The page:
Yes, we are still in the land of the living. It was the turning of the page on the calendar that made me realize that it’s time that I put pen to paper again.
We have just experienced our hottest month yet in Uganda – one more month to go before the cooler temperatures arrive – that’s if the heat doesn’t kill me first. I don’t do heat very well, but Colin seems to bear it OK for the most part. We understand NZ is also experiencing high temperatures and humidity, so apart from air-conditioning in NZ and an electric fan in Uganda, we might well be experiencing the same discomfort.
School holidays are now officially over and the children donned their uniforms and started school on Monday 2 Feb, much to the children’s delight -and the aunties and uncles also if the truth be known.
Katie, our holiday program organizer did an excellent job creating things to entertain the different age groups, but by the end of 7/8 weeks the kids were ready for school again. We praise God that apart from the dogs stirring up the donkeys, and the donkeys kicking out and breaking both bones in a small boy’s leg, the school holidays were accident free. That is amazing considering how many children there are here. The little boy (Barnabas) is well looked after as he sits in his wheel chair with his leg in plaster. He laps up the extra attention and loves it when the kids push him around at great speed. My heart is in my mouth every time I see Barnabas being pushed that fast, but so far he hasn’t spilled out, so that’s a blessing, isn’t it? Now I’m starting to sound Dutch using a phrase like that.
We had been hoping to have a few days away this month, but what with visitors coming and lack of transport etc. we delayed it until this month. It may work out rather nicely as it’s our 45th wedding anniversary on the 7th Feb.
It was lovely having Colin’s 2nd cousin Joanne (Phil & Janice Aish’s daughter) and two of her daughters visit us for a few hours in mid-January. We haven’t seen Joanne since she was a small child; now she is a mum with three teenage daughters. They had planned to stay a couple of nights at the Ark, but their situation changed. The purpose of their Ugandan trip was to visit their two sponsor children on their way home from the UK. One of their sponsor children happened to live in a village not far from Noah’s Ark; the other is approximately a six hour road trip from Kampala. We were pleased to receive an e-mail from Joanne saying they had arrived safely back in NZ.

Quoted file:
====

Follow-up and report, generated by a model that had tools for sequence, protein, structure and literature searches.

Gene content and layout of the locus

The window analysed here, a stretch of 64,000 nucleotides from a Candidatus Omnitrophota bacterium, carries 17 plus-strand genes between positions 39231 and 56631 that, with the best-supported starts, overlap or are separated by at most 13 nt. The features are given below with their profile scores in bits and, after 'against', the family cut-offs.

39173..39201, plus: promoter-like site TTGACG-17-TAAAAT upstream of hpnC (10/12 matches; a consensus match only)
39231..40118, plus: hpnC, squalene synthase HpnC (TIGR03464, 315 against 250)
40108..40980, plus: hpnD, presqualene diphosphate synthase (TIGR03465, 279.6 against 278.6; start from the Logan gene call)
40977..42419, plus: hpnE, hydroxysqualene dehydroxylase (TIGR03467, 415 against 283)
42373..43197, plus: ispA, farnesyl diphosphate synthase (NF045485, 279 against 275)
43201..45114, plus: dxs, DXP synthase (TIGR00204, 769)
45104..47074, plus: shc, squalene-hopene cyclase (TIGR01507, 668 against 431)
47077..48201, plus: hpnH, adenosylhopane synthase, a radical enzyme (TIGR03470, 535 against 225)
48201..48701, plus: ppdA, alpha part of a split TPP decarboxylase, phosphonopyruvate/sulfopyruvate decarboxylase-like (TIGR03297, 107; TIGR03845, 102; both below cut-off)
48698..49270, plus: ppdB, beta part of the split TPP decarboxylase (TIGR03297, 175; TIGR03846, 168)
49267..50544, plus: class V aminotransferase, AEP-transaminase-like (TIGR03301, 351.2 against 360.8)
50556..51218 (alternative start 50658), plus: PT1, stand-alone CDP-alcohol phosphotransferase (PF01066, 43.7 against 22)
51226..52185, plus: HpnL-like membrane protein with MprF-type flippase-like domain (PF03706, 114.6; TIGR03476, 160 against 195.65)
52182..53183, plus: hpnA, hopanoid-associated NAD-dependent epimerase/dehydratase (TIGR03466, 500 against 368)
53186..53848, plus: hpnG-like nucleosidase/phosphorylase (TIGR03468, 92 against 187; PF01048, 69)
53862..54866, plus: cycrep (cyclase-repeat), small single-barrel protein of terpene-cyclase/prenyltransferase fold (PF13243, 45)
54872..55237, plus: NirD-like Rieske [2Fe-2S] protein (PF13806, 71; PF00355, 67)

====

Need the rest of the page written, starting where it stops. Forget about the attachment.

Talking about sponsor children, our sponsor child Judith turned 2 years old on the 11th Jan, so she got to celebrated her birthday in the usual way here at the Ark. A cake, a few presents, and all the children singing and celebrating with her. See photos below.
Auntie Teddie helping Judith cut the birthday cake
Judith is very happy with her large balloon
One of the highlights early this year was the opening of the 6th Family home unit which is the 3rd boys unit. This is a group of boys aged 9 -11 years. The Auntie in charge is a lovely Ugandan lady who has been working and preparing these boys for their move from the main children’s home. See photos below.
The boys and their Auntie waiting outside their new home
Papa proposing a toast with mango juice at the opening of the Boy’s Family Home Unit 3
The month of January has been more laid back for some of us, but now that the Secondary boarding students have returned, Bible studies will start next week. Colin is going to take a group of older boys through some studies on ‘Discipleship’ every Thursday night.
Mama is in Holland at the moment with 8 year old Zipporah, one of her little ones. They went to Reny’s wedding, a Missionary who legally adopted Suzanna – an Ark child. Zipporah was Suzanna’s best friend, so she got to go with Mama. They are due back on Saturday 7th – not soon enough according to Papa – he is missing his special mate of 40 plus years.
Since we don’t have much to report from last month I thought you might like to view some photos we took from a moving car. The first photo is for all roofing contractors, and the second is for all fencing contactors.
The roofing iron on many buildings is held down with bricks and old tyres, etc.
Fence and gate, Uganda Style
Recently I read a book on Ugandan customs, etc. It said that Ugandans think a fence around a property is to keep the owner in, not intruders out – go figure that one.
This photo of well loaded bicycles was taken especially for our family – beat that Arron!
There you go Ollie, a photo just for you. It’s a play centre call Ollie’s Play centre. The car was moving too fast so I missed the main Ollie’s Play Centre sign.
I was hoping to get a few photos of hair dressing salons for you Jamie, but there was too much traffic in the way. Some of the names of such places are quite a hoot.
This is a typical dressmaking/clothes shop.
A note on closing: A new baby arrived at the Ark on the 3rd of Feb; the police brought a tiny baby girl to the Ark in a cardboard box lined with old rags. The baby had been found on a fence line alongside a road. She seems to be in good health, just abandoned. A quick phone call to Pita (Mama) in Holland was made so she could name the new baby. The baby now waits for her Mama’s return on Saturday. Meanwhile Auntie Jessica is doing a fine job of looking after baby Vanessa.
Until next month, God bless.
Colin & Bev Winters